By the end of the week I found myself oblivious to the crossing signals, darting artfully across intersections, dodging cabs and jaywalking like there was no tomorrow. It was liberating in a way, and a got to where I was going without delay or interruption.

Years ago in Seattle’s Capital Hill neighborhood my wife and I stepped off the curb to cross against the light, thought better of it, and back-stepped onto the sidewalk. A bicycle cop, who just happened to be idling behind us laughed and said, “I’m glad you did that, otherwise I’d have to write you a ticket.”

I am back in Seattle now, and crossing with the light. And I feel better about it.

Sunday, October 16, 2005

Notes from New York: The Demon Barber of Fleet Street

Patti LuPone is reprising her role as Mrs. Lovett in Sweeney Todd on Broadway. The staging is unique: there is no orchestra, per se. The cast is the orchestra, and they perform the brilliantly complex Sondheim score on stage as they are acting out the play. Cello, violin, piano, bass, clarinet, and even LaPone on the tuba – the entire cast remains on stage during the show playing, acting, singing.

The effect is unique and mesmerizing, I told the bellman at my hotel. He had asked me if the cast’s double-duty as orchestra “got in the way” of telling the story. On the contrary, I found the staging clever and involving, and I admire the cast for the spectacular results they achieved on stage. It is a fine production.

Sweeney Todd is the story of an 18th century barber wrongly convicted and sentenced to prison who returns to London fifteen years later to discover his wife dead and his daughter the ward of the unscrupulous judge who convicted him. Desiring a relationship with the daughter he never knew, he sets up shop above Mrs. Lovett’s pie shop. But when Judge Turpin decides to wed his teenage ward in order to protect her from the evils of the world, Sweeney Todd descends into a murderous ire, dispatching his enemies with a straight razor.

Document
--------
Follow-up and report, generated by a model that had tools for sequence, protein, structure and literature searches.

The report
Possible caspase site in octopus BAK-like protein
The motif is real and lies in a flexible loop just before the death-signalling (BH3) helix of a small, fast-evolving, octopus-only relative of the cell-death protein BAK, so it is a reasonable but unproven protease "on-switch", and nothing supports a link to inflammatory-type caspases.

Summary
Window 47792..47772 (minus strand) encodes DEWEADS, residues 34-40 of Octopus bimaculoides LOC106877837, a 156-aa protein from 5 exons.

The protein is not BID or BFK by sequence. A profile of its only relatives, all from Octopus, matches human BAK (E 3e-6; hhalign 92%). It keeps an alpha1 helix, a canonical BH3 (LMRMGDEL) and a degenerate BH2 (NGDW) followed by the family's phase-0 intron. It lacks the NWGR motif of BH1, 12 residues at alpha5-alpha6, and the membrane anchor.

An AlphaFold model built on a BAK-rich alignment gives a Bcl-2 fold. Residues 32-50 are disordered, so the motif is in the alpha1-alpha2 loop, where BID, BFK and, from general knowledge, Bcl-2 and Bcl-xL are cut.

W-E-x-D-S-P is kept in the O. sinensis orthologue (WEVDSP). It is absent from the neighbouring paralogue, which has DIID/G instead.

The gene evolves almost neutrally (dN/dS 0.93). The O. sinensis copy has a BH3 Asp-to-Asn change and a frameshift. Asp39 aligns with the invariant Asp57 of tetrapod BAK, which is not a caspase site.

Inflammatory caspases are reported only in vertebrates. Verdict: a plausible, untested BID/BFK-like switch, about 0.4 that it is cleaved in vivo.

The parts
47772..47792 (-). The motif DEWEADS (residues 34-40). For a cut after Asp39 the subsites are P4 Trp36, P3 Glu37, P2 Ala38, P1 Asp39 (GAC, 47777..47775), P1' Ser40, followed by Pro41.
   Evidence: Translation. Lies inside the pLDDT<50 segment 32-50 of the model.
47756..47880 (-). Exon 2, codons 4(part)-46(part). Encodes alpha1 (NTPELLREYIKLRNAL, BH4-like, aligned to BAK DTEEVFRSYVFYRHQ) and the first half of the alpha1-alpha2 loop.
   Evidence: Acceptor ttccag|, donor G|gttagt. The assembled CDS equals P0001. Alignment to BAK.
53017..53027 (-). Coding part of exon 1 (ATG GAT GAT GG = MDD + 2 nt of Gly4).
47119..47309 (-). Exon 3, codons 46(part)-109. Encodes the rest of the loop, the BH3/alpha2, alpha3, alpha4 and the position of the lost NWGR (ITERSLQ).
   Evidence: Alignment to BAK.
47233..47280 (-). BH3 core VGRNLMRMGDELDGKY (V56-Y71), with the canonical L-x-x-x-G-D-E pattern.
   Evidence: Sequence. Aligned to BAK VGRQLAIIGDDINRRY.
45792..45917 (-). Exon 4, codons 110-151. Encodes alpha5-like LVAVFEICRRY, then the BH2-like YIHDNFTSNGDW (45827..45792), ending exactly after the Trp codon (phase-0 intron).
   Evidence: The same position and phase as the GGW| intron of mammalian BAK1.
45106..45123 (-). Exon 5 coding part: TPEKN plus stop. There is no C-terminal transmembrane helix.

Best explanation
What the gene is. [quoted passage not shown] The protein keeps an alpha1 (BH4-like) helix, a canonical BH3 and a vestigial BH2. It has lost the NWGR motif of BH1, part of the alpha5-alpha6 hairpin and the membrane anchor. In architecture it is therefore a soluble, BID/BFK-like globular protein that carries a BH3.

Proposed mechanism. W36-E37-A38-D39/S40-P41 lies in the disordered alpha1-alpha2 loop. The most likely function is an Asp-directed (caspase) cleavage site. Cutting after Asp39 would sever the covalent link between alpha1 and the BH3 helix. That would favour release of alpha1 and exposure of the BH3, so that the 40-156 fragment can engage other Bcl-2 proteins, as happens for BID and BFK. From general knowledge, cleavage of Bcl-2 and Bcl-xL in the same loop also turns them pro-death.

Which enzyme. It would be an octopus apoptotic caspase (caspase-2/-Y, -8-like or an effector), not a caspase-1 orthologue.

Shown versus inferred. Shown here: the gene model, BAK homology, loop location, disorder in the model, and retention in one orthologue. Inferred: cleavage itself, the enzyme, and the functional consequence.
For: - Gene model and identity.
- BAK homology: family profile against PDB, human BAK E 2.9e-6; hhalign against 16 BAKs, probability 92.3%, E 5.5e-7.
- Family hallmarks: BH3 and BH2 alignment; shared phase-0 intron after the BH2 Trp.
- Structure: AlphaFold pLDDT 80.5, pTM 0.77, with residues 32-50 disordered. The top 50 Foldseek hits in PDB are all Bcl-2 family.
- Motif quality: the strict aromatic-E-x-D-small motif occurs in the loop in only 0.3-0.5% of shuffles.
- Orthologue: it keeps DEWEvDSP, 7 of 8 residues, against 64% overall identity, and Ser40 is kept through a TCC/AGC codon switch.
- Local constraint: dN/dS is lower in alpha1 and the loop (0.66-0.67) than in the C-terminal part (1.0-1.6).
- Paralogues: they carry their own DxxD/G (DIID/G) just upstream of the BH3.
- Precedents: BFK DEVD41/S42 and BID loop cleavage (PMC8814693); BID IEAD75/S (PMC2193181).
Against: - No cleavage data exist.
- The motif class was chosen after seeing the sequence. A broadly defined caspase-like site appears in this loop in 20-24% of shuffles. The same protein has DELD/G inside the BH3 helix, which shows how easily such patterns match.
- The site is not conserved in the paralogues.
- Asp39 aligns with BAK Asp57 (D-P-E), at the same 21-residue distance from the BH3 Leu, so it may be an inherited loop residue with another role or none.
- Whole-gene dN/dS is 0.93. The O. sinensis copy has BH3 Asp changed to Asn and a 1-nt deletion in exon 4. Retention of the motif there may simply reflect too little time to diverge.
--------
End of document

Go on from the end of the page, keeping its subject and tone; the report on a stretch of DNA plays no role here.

And what does he do with the bodies? Let’s just say that Mrs. Lovett’s meat pies become famous all over London!

The show is dark and gruesome, yes, but it is also at times blisteringly funny and tender.

Returning home I discovered a flyer in the mail announcing Sweeney Todd was coming to Seattle’s 5th Avenue Theater. My wife was envious that I had seen the show in New York, which features two of Stephen Sondheim’s best and most memorable songs: “Pretty Women” and “Not While I’m Around.” My wife likes those two songs very much, and has never seen the show. So it looks like I’ll be seeing it again, and it will be interesting to compare the two.